Q.: Which instruments do you play in this album?

A.F.: I played with three types of bass, and I also recorded on the classical guitar. One of the things that makes this album different is that there weren’t any guitars on the first album. In fact, the first album did not have any piano or guitar, while this album has a lot of piano and classical guitar. I compose on the guitar and therefore it was natural for me to play it on the album. It’s really different from a sonic perspective.

Q.: Is there a “theme” or a “storytelling” in this album?

A.F.: I wouldn’t say there is a “storytelling” in the conventional sense. I think that “eclectic” is the best way to describe it. You listen to one song but it’s not indicative of the others. Each song is different. But the order of the pieces was carefully throughout, so it takes the listener into a journey. Some songs are quiet and soft, almost like traditional jazz, and other songs are pretty intense. So, it is completely eclectic in the dynamics too. I think it takes you into a wild and original journey. The main idea behind it all is to experiment and to go into unknown territories.

Q.: What will be your next challenges?

A.F.:  First, there is this album, “Perpetual Mutations” which I will promote in the upcoming months. There will be a lot of information on YouTube, including a documentary on the making of the album, with a few words from the collaborators, just to provide a little bit of background on what the project is about. I will also offer a book with all the music that I wrote for it. This is something that people can get exclusively on my website. I’m going to promote it on social media, and this is going to take a lot of my time in the next few months.

I also have an album composed with Todd Sucherman on drums and JK Harrison on vocals for the Alta Forma project. Todd will record his parts this coming Autumn and the album will most probably come out in 2025.

Then, I have an album with Gary Husband on drums and Jean-Pierre Zanella on saxophone. Jean-Pierre is Canadian played who used to be my teacher back in Canada and is a very renowned saxophone player in Montreal. He also participated to the first song, Dark Wind, on “Perpetual Mutations”, playing the soprano saxophone. He once recorded some tenor saxophone separately and I was so impressed that I decided to compose an album for him.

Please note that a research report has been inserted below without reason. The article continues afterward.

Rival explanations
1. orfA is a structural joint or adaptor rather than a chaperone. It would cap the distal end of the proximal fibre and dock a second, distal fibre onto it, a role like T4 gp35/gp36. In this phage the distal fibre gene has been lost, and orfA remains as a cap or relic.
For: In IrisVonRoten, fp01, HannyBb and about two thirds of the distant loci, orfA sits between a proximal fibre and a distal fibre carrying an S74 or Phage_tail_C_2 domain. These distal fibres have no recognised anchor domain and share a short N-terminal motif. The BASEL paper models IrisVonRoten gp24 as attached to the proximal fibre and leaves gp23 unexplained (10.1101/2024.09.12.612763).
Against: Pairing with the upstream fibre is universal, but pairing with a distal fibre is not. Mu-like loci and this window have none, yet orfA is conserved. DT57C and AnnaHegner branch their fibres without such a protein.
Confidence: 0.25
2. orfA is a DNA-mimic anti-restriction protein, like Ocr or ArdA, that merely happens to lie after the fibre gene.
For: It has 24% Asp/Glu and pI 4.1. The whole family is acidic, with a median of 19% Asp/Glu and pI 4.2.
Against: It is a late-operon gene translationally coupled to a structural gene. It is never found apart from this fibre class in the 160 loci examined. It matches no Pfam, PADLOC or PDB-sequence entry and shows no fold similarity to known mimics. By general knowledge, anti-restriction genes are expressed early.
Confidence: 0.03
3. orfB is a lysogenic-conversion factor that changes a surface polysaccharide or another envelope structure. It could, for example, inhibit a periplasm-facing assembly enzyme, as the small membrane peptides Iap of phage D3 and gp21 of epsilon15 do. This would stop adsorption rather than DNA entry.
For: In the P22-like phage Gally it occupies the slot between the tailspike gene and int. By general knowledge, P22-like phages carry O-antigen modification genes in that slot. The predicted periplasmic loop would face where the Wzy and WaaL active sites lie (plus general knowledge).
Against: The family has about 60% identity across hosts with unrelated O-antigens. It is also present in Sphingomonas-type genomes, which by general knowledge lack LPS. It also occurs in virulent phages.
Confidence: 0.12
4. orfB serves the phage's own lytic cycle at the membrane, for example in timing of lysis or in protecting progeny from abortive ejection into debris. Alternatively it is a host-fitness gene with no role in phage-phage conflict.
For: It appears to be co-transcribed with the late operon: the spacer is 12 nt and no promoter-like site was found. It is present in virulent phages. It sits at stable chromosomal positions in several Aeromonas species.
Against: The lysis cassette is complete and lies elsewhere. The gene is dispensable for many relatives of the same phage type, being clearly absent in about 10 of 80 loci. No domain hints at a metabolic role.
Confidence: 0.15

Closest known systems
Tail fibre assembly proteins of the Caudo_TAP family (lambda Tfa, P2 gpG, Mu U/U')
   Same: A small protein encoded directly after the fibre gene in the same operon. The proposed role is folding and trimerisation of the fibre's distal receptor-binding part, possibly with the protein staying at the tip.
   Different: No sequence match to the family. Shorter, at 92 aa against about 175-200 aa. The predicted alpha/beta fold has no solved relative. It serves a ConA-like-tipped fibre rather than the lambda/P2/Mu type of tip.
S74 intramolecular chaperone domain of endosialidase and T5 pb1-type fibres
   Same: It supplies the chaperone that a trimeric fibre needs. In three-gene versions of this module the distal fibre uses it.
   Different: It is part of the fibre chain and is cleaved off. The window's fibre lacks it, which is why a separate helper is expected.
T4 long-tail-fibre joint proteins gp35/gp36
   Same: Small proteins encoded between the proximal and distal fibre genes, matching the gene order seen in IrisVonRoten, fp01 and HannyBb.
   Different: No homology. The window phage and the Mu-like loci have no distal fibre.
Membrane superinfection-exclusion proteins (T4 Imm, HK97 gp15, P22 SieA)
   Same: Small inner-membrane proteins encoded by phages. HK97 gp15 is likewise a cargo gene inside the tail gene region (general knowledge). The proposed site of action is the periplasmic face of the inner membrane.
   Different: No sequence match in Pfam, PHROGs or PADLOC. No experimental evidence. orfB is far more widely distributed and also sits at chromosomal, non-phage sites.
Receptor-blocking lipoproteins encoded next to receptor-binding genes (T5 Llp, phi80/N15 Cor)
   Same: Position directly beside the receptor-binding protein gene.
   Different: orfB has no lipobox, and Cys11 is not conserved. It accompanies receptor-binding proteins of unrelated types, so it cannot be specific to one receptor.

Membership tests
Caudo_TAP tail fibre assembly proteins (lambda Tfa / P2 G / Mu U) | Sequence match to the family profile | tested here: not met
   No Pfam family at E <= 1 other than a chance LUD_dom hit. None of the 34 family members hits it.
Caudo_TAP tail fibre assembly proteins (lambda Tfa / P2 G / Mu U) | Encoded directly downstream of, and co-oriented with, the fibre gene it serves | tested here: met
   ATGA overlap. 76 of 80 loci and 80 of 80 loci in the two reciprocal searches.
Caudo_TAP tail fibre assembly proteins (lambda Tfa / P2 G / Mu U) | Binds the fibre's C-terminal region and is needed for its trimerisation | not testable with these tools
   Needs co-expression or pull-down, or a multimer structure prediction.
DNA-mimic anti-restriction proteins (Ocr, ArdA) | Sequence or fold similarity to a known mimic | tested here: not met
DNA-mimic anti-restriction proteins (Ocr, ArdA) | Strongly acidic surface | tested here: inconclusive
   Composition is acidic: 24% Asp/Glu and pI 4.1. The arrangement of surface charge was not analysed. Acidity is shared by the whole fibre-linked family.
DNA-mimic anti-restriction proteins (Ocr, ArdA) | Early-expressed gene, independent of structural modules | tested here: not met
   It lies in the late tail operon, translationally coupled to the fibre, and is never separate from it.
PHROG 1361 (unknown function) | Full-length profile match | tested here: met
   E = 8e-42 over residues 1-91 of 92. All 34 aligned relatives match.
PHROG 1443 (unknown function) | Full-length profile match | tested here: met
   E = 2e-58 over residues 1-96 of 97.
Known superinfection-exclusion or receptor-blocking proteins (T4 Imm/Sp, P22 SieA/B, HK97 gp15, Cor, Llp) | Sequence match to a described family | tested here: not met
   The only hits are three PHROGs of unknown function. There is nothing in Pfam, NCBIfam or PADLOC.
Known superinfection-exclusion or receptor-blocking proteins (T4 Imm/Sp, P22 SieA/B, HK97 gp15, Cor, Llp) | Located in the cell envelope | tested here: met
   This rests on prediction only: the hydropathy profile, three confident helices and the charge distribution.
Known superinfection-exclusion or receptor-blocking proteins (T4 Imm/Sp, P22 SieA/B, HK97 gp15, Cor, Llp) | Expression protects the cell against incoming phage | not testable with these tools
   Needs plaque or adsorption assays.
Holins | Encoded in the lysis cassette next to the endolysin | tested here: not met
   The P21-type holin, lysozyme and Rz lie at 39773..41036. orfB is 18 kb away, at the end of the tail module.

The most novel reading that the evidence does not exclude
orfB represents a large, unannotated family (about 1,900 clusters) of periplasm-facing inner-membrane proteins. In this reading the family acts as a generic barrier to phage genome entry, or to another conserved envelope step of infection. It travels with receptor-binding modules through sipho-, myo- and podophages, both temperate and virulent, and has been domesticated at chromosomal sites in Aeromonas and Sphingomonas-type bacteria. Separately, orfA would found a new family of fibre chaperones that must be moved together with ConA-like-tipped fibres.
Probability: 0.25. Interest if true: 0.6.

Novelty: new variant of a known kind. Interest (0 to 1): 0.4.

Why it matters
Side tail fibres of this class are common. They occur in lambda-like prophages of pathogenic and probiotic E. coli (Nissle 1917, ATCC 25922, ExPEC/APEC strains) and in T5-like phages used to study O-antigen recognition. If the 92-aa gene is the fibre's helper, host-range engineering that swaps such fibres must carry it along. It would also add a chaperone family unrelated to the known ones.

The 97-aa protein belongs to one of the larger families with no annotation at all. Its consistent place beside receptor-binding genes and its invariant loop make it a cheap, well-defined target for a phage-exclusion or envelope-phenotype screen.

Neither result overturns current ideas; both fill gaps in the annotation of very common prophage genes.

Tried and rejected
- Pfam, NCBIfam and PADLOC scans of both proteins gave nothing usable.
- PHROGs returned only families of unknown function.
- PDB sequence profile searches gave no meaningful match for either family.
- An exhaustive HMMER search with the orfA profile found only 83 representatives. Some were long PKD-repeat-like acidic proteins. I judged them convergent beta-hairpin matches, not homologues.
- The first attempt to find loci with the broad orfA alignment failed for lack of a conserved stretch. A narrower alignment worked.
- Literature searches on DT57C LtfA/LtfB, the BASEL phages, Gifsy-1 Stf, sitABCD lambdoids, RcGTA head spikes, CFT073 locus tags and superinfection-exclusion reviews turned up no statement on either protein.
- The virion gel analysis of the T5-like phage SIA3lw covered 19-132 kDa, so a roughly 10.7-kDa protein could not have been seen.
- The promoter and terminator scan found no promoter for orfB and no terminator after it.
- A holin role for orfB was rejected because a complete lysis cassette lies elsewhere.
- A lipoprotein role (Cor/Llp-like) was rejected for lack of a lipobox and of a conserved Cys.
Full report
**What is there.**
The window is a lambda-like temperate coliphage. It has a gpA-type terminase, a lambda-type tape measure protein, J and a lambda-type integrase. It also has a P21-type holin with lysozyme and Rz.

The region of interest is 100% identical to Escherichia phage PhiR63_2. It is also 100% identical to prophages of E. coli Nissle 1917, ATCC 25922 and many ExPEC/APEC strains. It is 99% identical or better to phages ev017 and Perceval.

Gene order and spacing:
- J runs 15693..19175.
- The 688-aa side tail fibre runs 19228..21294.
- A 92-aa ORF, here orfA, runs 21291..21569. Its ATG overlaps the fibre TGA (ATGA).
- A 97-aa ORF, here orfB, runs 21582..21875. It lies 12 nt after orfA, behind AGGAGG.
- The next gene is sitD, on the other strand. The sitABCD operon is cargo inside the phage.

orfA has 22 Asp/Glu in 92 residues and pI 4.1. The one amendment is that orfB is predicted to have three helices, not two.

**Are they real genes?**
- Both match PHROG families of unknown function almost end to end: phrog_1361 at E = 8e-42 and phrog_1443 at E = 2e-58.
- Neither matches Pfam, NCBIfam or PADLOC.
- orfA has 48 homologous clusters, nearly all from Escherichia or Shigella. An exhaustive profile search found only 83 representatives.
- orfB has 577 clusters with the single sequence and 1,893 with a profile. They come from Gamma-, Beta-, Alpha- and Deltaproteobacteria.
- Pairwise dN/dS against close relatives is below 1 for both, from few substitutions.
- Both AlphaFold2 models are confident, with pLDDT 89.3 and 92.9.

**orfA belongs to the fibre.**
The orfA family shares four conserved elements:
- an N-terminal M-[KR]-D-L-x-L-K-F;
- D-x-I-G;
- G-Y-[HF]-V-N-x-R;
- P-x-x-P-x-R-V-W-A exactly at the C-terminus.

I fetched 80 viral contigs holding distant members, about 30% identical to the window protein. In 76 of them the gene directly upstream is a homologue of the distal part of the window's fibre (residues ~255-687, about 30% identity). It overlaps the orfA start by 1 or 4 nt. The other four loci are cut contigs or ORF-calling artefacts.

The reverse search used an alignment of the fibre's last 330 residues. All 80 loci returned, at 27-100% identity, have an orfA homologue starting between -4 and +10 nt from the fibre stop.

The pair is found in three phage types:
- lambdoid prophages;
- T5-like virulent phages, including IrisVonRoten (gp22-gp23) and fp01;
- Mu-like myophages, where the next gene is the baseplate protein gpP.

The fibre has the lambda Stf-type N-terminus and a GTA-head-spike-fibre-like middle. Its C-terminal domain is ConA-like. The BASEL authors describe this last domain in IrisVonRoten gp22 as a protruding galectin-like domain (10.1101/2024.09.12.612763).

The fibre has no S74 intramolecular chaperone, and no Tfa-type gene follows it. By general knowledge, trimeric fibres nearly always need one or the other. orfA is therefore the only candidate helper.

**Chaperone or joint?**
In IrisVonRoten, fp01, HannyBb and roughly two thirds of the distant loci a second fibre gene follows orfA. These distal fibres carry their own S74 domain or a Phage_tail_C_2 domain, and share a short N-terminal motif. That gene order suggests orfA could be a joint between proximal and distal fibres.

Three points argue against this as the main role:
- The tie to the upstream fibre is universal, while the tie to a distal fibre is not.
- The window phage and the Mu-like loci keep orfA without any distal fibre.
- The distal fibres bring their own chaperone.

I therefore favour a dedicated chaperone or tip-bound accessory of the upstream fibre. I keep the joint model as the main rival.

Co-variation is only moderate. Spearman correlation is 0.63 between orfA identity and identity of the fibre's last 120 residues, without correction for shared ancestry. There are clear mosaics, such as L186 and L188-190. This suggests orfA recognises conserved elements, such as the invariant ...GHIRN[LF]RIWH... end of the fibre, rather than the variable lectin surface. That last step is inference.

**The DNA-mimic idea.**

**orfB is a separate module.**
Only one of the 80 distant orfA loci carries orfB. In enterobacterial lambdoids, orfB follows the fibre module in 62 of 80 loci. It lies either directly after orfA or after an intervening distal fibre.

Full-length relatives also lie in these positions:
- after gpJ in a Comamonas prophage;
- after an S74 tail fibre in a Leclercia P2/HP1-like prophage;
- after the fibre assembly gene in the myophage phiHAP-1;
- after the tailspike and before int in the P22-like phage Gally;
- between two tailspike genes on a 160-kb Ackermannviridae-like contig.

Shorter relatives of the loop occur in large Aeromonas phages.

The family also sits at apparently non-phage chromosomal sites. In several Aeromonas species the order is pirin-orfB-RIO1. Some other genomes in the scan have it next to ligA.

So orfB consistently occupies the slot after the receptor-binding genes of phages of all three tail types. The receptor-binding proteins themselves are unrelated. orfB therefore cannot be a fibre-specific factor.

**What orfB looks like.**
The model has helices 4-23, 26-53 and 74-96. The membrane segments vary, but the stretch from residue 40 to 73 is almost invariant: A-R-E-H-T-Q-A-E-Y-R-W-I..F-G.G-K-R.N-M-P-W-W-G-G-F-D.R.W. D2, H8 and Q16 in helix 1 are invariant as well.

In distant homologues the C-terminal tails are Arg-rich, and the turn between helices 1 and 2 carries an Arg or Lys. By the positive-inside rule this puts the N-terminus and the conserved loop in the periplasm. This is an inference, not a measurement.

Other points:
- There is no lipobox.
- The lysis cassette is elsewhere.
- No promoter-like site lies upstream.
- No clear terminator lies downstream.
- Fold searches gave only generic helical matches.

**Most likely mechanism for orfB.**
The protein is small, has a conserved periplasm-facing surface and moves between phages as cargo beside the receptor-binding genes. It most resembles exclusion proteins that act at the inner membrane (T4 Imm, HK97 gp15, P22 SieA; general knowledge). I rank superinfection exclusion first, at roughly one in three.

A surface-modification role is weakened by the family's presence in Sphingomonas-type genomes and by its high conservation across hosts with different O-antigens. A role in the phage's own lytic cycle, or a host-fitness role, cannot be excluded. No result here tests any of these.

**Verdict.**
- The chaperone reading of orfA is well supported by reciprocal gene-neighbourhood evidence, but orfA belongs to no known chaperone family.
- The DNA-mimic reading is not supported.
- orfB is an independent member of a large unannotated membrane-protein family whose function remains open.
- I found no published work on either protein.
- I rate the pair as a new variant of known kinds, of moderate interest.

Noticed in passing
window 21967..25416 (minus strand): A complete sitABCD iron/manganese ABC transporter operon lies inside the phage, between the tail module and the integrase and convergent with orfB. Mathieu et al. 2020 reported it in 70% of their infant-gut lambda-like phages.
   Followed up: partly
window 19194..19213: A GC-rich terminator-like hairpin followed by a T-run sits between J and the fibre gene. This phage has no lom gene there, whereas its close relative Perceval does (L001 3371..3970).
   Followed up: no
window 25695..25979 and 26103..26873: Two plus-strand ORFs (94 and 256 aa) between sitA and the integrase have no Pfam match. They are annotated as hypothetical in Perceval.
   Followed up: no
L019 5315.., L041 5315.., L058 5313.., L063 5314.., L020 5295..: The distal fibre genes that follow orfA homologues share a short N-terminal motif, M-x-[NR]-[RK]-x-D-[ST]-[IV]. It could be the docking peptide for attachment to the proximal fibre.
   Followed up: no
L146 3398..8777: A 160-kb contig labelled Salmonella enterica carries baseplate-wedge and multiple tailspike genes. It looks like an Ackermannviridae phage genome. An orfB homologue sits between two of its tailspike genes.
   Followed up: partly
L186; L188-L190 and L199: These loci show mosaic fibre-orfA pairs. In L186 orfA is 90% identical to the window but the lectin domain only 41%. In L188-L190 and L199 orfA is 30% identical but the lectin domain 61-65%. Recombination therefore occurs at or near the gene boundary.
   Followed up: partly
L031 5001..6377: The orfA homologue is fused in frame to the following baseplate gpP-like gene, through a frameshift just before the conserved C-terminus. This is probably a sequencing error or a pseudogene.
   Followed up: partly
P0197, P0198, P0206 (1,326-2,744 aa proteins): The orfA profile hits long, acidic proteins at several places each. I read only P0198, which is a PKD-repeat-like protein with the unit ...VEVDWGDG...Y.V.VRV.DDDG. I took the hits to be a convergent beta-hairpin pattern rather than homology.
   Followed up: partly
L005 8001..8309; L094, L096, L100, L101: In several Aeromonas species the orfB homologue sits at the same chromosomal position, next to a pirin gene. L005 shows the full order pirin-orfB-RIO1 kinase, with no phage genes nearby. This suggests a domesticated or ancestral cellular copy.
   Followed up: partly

In parallel, Gary Husband told me that he had access to a recording studio in London with a brand new, transparent drum kit which Pearl made specifically for him. I decided to marry the two projects: Jean-Pierre on sax and Gary Husband on drums. We are finalizing all the parts, including mine (I play bass and guitar). Gary will finalize his drums at the beginning of June. I don’t know yet when this album will come out. I really have to think to release my albums strategically because I will have two albums ready at the same time in 2025.

Separately, I’m also working on a piano music project. One of my dreams is to have an album where I composed for the piano and that will include a concerto. As a composer, I want to convey my vision of melody, harmony, and rhythm into more conventional settings. I think I will busy with all these projects for 2024 and 2025. In the meantime, I might also take part to occasional collaborations. I recently did an arrangement job for The Pineapple Thief. These are the bonus tracks featured on the album entitled “It Leads to This”. That is in fact a side thing that I did for Gavin and that was a really cool project to be involved in.

Finally, I recently started to share some music theory findings on my YouTube channel. I released a first video where I talk about musical scales and I have put together a reference guide with lists of all the scale possibilities in music. I’m now starting to think that I might be doing more on this sort of educational content in the future if I see that it gets some traction. My reference document is something that I have never seen explained that way and I use it all the time. I think it is useful whatever instrument you play.

Perpetual Mutations will be released in July 2024.